As the annual round of Burns’ Suppers snaps into action this week, and restaurant menus direct their own nod towards the national Bard, many will be looking forward to the traditional meal of neeps and tatties served with haggis. After all, it was Robert Burns who, with his 1786 Address To A Haggis, ensured the humble international dish endures in modern Scottish culture.
There have been many attempts at contemporising the ancient dish of sheep liver, heart and lung mixed with onion, oatmeal, suet and spices. Some of the most successful contain venison, wild boar, beef and game birds. Haggis itself has been presented outside the usual sheep’s stomach as deep-fried bon-bons, samosas, pakora, lasagne. I’ve even seen a recipe for deep-fried sugar-coated haggis balls.
But I’m willing to bet you’ll never previously have encountered the most modern take on a Burns Supper that is set to be served to Glaswegians on Friday. The Fallachan Dining pop-up menu, entitled After Burns and organised by freelance chef Craig Grozier (pictured), features the most humble Scottish ingredients treated in sophisticated ways using state-of-the-art techniques, and is a collaboration between some of London and Scotland’s most internationally recognised and fiercely talented young freelance chefs. Tantalisingly, haggis as we know it makes only a small appearance. (Continues after photo.)
Grozier engaged NURonTOUR, a team of top young chefs lead by Nurdin Topham (formerly of Michelin-starred NUR Hong Kong, who worked as personal chef to Raymond Blanc and ran the cookery school at Le Manoir Aux Quat’Saisons). His colleagues James Murray and Richard Philips also worked with Raymond Blanc, Gordon Ramsay and at Michel Guerard’s three-star Les Pres d’Eugenie in the south of France. They will be joined by Glasgow-born Ian Scaramuzza, formerly head chef of Claude Bosi’s two-Michelin starred Hibiscus in London and the 2015 winner of a Roux Scholarship to Benu in San Francisco.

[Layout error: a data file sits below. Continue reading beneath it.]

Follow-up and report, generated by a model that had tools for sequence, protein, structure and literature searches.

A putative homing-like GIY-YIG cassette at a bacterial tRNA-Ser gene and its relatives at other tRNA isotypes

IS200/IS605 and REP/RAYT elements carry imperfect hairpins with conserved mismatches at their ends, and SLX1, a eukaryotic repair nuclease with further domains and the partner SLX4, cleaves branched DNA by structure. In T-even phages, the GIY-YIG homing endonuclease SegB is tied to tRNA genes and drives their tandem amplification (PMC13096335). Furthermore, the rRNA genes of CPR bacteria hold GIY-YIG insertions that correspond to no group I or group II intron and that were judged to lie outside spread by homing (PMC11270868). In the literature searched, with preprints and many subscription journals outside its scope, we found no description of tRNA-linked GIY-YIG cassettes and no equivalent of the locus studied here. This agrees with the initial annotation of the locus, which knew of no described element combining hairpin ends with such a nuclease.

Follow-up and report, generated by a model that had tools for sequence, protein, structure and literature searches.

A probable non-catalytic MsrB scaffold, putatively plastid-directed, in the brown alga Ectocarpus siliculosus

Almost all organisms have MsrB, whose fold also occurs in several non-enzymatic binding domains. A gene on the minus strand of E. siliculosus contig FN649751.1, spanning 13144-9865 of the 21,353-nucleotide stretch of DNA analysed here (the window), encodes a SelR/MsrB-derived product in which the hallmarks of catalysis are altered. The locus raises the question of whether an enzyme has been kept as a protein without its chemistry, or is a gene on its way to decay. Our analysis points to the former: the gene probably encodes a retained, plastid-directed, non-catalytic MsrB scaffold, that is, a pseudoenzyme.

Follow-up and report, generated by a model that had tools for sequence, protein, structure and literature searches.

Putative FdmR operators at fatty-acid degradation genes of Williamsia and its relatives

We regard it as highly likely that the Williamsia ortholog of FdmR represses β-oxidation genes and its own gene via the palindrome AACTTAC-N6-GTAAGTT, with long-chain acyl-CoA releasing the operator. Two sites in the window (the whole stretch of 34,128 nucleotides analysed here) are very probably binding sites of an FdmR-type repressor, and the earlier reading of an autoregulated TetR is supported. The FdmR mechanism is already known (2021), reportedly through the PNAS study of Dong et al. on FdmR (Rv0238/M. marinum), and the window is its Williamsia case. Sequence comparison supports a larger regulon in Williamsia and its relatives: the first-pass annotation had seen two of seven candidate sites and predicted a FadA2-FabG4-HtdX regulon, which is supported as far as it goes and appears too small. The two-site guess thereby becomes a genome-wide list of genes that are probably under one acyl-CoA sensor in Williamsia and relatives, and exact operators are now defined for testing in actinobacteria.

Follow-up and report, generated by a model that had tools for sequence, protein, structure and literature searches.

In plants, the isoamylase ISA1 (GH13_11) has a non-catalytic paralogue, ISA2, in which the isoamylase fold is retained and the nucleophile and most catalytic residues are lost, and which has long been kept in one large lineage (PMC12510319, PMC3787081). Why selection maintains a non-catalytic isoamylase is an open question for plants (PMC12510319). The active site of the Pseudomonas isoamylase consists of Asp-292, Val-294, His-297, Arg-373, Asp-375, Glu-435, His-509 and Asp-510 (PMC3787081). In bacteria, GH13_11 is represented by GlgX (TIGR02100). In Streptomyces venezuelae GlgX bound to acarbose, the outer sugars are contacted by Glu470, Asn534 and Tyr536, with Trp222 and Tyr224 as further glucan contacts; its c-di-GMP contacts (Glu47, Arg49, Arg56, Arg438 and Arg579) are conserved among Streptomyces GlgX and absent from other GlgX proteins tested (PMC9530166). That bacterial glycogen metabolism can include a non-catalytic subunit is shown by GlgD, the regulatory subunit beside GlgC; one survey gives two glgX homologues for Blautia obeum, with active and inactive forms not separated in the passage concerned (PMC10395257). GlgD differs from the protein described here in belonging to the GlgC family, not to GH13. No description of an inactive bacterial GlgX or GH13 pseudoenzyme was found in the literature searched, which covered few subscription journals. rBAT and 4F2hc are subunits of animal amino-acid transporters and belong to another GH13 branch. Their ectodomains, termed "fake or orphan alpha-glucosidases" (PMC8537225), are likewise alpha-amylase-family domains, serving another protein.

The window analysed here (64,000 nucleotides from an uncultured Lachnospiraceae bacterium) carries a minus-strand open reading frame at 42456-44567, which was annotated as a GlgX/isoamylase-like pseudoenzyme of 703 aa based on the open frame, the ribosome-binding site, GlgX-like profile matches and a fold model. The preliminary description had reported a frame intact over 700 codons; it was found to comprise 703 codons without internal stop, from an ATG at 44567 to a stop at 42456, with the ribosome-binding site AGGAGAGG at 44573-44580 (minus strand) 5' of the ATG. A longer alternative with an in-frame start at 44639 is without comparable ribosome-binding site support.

They’ve been working for months on their one-off menu, with a remit to “showcase how it’s possible to have a modern, lighter, approach to humble Scottish food and take it in a new direction”. For the cock-a-leekie course Topham has been collaborating with St Bride’s Poultry of Strathaven to have cock hens aged by hanging for two weeks to create the old-fashioned buttery, gamey flavour lost to so many versions.
Fallachan Barley Miso, Grozier’s own creation fermented in his Glasgow tenement kitchen, will be used across the dishes. Murray’s Humble Neep course uses fermented turnip prepared several ways with barley and seaweed, baked in a haggis crust, while Scaramuzza’s Kedgeree will consist of a set curried custard with blow-torched fish and glazed quail’s egg; and Philips’ Like a Rose dessert is composed of some well-known and some not to well-known members of the rose family, served with crowdie and laminated caramelised pastry.
Grozier himself will recreate a blood porridge, a refined version of black pudding influenced by the historic Scots Drovers’ Porridge, served with foraged preserved pickles.
Rather than dispense altogether with tradition, the aim is to encourage diners to take a new look at our national dish.
Ticket for the After Burns pop-up, at £100 a head, sold out within two hours of going on sale via social media. Wonder what Robert Burns would have say about that.
(Sorry trhere are no photos but as After Burns is a pop-up, the chefs are still wroking on it ...)